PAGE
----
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UFC Vegas 51: Luque vs. Muhammad 2 - Winners and Losers

The real winners and losers from UFC Vegas 51

Belal Muhammad defeated Vicente Luque by unanimous decision at UFC Vegas 51.
Belal Muhammad defeated Vicente Luque by unanimous decision at UFC Vegas 51.
Photo by Jeff Bottari/Zuffa LLC

Belal Muhammad avenged the only knockout loss of his MMA career on Saturday with a decision win over Vicente Luque at UFC Vegas 51.

The two UFC welterweights first met in 2016 on the preliminary card of UFC 205. Neither man was ranked ahead of that matchup. Luque was on a three-fight UFC winning streak and 10-5-1 overall. Muhammad was 1-1 in the UFC and 10-1 in his career. Both fighters have been on a steady climb since their first meeting. When they faced off on Saturday, Luque sported a 21-7-1 record and was the No. 5 ranked fighter in the official UFC welterweight rankings. Meanwhile, Muhammad was 20-3 in his career with one no contest and the No. 6 UFC welterweight ranking.

With his win, the criticism that Muhammad can’t defeat top-level competition should quiet. Luque, unlike Muhammad’s two previous opponents — Stephen Thompson and Demian Maia — was on a four-fight winning streak ahead of the fight. At 30, Luque is still a fighter who is still at or near his prime.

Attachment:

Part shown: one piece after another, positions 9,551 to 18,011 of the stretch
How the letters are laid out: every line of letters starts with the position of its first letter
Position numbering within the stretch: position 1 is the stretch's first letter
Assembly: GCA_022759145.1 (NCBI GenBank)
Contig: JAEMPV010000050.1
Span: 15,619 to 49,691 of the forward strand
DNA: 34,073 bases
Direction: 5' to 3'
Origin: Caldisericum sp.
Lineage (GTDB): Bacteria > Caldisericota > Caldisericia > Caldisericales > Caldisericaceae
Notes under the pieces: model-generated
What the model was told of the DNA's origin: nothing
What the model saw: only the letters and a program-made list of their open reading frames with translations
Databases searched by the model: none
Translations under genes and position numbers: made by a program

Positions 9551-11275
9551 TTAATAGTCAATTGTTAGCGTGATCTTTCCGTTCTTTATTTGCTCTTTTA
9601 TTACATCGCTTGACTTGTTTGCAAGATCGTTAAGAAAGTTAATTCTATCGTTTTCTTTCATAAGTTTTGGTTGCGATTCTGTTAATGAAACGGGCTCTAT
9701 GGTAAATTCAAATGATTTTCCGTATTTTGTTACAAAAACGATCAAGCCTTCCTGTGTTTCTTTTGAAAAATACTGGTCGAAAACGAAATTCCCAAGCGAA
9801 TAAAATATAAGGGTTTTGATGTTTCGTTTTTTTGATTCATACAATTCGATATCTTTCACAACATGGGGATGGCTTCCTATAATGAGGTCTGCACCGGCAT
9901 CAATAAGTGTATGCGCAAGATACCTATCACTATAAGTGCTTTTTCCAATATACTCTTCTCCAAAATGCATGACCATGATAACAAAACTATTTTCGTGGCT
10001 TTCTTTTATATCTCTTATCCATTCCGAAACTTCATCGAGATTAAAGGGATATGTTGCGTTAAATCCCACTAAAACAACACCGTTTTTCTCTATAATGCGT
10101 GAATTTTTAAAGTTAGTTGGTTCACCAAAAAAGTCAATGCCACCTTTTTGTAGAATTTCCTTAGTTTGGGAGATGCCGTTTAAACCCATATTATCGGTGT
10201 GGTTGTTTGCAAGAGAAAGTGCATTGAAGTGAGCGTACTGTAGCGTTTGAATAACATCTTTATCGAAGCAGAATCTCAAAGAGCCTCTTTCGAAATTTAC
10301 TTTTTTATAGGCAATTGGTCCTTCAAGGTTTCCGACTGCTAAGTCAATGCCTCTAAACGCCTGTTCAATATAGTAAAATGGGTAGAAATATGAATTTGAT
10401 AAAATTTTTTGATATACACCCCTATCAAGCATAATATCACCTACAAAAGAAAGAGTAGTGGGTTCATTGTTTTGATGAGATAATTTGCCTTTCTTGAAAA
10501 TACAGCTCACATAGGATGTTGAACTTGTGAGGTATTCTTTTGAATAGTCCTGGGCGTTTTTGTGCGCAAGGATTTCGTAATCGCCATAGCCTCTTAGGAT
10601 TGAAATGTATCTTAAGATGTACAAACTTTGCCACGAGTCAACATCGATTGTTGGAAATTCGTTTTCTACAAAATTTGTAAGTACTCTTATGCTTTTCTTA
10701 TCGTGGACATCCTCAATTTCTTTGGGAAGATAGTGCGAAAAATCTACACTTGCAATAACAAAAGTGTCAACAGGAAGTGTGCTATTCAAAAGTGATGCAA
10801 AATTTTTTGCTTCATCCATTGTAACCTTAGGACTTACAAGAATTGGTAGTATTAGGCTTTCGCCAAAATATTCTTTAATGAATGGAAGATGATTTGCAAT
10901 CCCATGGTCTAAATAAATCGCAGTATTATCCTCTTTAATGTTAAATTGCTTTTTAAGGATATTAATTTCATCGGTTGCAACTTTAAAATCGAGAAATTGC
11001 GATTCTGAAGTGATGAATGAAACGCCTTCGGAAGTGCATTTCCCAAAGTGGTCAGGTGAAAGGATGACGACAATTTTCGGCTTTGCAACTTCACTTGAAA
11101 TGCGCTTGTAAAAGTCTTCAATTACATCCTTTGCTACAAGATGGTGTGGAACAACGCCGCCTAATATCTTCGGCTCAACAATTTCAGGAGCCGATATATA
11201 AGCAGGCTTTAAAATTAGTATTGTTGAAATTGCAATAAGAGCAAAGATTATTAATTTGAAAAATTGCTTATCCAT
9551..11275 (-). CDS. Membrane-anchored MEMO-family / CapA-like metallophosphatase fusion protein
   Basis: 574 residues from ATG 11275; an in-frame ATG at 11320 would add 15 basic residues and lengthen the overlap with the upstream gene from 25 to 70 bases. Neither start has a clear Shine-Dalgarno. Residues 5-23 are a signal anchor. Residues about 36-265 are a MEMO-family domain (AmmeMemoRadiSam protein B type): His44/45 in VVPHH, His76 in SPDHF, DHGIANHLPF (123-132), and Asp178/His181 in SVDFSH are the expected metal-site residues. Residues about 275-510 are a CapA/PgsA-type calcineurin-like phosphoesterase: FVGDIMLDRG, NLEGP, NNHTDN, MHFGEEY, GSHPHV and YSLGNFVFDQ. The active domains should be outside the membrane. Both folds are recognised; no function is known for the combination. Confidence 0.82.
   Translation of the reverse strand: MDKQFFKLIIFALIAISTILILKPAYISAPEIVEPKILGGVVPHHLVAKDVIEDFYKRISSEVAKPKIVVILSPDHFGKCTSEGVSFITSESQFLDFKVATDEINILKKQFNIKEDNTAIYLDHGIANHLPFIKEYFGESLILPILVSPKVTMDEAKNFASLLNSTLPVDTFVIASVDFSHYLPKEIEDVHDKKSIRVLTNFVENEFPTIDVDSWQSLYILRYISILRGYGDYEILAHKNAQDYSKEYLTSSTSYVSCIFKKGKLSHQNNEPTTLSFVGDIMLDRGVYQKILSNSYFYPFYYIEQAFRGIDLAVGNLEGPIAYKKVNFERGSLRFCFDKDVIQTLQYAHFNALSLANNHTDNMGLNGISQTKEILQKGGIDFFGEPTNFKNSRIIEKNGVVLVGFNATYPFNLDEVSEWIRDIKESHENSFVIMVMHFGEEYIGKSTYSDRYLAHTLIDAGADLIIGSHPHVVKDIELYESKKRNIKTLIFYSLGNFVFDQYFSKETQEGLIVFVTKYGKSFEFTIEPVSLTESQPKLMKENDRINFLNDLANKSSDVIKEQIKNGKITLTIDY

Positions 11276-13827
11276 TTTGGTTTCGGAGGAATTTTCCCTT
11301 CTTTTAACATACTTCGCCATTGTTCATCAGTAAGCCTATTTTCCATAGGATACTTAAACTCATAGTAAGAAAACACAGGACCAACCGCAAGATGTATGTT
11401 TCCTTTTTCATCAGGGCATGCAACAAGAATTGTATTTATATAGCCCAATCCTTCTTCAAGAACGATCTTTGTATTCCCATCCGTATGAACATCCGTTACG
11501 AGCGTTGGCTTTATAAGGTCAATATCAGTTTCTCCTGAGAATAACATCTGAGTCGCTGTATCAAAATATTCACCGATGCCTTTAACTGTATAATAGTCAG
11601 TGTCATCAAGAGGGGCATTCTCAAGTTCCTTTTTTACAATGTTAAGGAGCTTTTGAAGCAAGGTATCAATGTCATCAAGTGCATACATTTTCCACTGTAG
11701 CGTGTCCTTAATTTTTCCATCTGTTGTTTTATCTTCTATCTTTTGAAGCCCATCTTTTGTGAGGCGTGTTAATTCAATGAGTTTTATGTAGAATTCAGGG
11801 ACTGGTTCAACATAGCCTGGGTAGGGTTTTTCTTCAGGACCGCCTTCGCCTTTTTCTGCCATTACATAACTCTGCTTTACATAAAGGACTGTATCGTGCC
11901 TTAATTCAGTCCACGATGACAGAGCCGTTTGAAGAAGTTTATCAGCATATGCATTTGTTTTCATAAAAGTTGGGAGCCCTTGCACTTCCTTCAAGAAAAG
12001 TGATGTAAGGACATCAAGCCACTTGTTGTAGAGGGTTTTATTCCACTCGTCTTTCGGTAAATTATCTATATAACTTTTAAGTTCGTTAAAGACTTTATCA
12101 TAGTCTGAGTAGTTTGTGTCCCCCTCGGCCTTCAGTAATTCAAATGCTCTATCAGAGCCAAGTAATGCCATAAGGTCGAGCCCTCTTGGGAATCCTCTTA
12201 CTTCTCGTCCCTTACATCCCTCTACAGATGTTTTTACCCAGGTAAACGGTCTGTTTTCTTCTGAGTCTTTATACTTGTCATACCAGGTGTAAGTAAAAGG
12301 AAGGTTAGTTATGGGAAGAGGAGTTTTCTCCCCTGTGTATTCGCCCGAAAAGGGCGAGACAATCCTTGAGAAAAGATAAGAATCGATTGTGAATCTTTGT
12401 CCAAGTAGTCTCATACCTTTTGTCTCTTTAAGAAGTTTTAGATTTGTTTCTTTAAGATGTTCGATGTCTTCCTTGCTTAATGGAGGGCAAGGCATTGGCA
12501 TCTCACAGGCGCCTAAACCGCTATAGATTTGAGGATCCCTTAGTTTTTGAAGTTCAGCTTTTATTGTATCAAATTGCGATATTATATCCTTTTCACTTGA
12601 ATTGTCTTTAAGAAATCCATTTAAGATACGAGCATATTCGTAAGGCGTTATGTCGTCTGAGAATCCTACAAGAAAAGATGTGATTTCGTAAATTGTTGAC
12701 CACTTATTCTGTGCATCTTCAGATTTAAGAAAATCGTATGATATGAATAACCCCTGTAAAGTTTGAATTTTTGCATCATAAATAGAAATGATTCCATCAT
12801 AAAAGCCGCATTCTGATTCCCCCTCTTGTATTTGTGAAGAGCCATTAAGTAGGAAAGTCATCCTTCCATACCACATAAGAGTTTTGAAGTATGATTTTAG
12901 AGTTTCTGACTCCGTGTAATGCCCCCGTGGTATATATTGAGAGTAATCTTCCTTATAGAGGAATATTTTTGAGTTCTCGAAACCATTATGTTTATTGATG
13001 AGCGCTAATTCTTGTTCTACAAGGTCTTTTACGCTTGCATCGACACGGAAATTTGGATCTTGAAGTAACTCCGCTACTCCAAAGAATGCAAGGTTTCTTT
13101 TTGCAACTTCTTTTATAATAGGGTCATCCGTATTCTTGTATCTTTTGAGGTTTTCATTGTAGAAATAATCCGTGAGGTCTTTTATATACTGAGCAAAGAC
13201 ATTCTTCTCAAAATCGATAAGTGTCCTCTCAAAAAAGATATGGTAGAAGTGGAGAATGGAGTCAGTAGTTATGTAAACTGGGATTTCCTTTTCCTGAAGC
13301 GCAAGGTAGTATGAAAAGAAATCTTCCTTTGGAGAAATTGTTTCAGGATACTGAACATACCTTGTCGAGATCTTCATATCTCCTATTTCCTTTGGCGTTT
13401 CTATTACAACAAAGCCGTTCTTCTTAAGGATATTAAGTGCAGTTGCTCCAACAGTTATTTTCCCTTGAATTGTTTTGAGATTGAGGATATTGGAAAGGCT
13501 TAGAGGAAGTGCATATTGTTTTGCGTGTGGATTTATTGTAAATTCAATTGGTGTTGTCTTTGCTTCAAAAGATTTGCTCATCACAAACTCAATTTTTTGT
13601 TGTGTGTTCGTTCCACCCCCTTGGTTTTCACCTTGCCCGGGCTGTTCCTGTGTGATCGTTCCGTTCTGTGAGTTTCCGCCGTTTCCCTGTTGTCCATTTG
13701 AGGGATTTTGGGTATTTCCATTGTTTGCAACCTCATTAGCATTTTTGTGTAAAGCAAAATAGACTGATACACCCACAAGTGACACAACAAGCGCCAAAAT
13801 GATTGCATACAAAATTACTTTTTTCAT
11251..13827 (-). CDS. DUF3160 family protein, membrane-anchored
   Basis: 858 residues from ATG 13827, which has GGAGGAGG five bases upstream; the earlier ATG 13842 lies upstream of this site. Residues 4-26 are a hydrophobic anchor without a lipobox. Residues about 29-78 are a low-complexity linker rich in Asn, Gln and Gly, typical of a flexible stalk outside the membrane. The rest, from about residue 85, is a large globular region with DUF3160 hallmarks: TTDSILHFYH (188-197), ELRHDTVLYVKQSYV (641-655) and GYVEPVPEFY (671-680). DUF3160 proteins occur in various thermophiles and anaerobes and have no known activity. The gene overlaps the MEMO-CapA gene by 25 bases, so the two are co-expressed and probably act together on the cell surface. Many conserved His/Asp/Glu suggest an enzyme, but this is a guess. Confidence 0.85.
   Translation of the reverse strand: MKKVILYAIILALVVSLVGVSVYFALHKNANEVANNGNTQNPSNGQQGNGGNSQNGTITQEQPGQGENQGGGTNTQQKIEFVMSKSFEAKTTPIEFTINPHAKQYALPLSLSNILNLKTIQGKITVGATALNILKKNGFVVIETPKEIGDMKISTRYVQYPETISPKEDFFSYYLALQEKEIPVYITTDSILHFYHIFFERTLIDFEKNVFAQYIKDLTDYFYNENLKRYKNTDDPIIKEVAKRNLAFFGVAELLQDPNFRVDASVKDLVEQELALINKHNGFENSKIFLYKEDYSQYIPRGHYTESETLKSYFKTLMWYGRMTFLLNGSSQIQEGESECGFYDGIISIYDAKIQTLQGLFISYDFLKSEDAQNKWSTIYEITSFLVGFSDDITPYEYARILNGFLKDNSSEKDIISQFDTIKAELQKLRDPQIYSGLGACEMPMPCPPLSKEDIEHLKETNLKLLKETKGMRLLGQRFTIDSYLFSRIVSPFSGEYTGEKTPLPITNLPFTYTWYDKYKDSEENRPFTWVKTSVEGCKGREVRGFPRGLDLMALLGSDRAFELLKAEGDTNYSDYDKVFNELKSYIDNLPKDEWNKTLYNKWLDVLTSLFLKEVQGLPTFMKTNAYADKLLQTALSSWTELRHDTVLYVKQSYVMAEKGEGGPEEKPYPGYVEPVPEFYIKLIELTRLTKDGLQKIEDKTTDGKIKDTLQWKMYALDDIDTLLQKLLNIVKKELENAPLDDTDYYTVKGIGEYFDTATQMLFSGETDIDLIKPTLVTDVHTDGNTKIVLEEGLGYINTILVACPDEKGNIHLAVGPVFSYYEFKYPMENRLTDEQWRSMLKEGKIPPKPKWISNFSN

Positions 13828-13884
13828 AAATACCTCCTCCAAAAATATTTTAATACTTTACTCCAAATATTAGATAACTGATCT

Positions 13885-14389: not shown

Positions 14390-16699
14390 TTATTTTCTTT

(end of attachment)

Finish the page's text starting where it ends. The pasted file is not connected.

Read on for the winners and losers from UFC Vegas 51, which took place at UFC Apex in Las Vegas. The main card of the event aired on ESPN following prelims on ESPN+.

Winners:

Belal Muhammad: Belal Muhammad picked up the biggest win of his UFC career on Saturday by earning a decision over the Vicente Luque, a fighter who had knocked out Muhammad in 2016. Unbeaten in his past eight trips to the octagon, Muhammad should break into the top five in the division with the win.

Muhammad showed good movement and improved striking in this matchup, but it was his wrestling and his ability to prevent his opponent from generating scoring opportunities that carried him to victory. Muhammad’s style is not one that the UFC matchmakers usually reward with big opportunities, but he keeps winning and keeps beating name opponents and that has to count for something.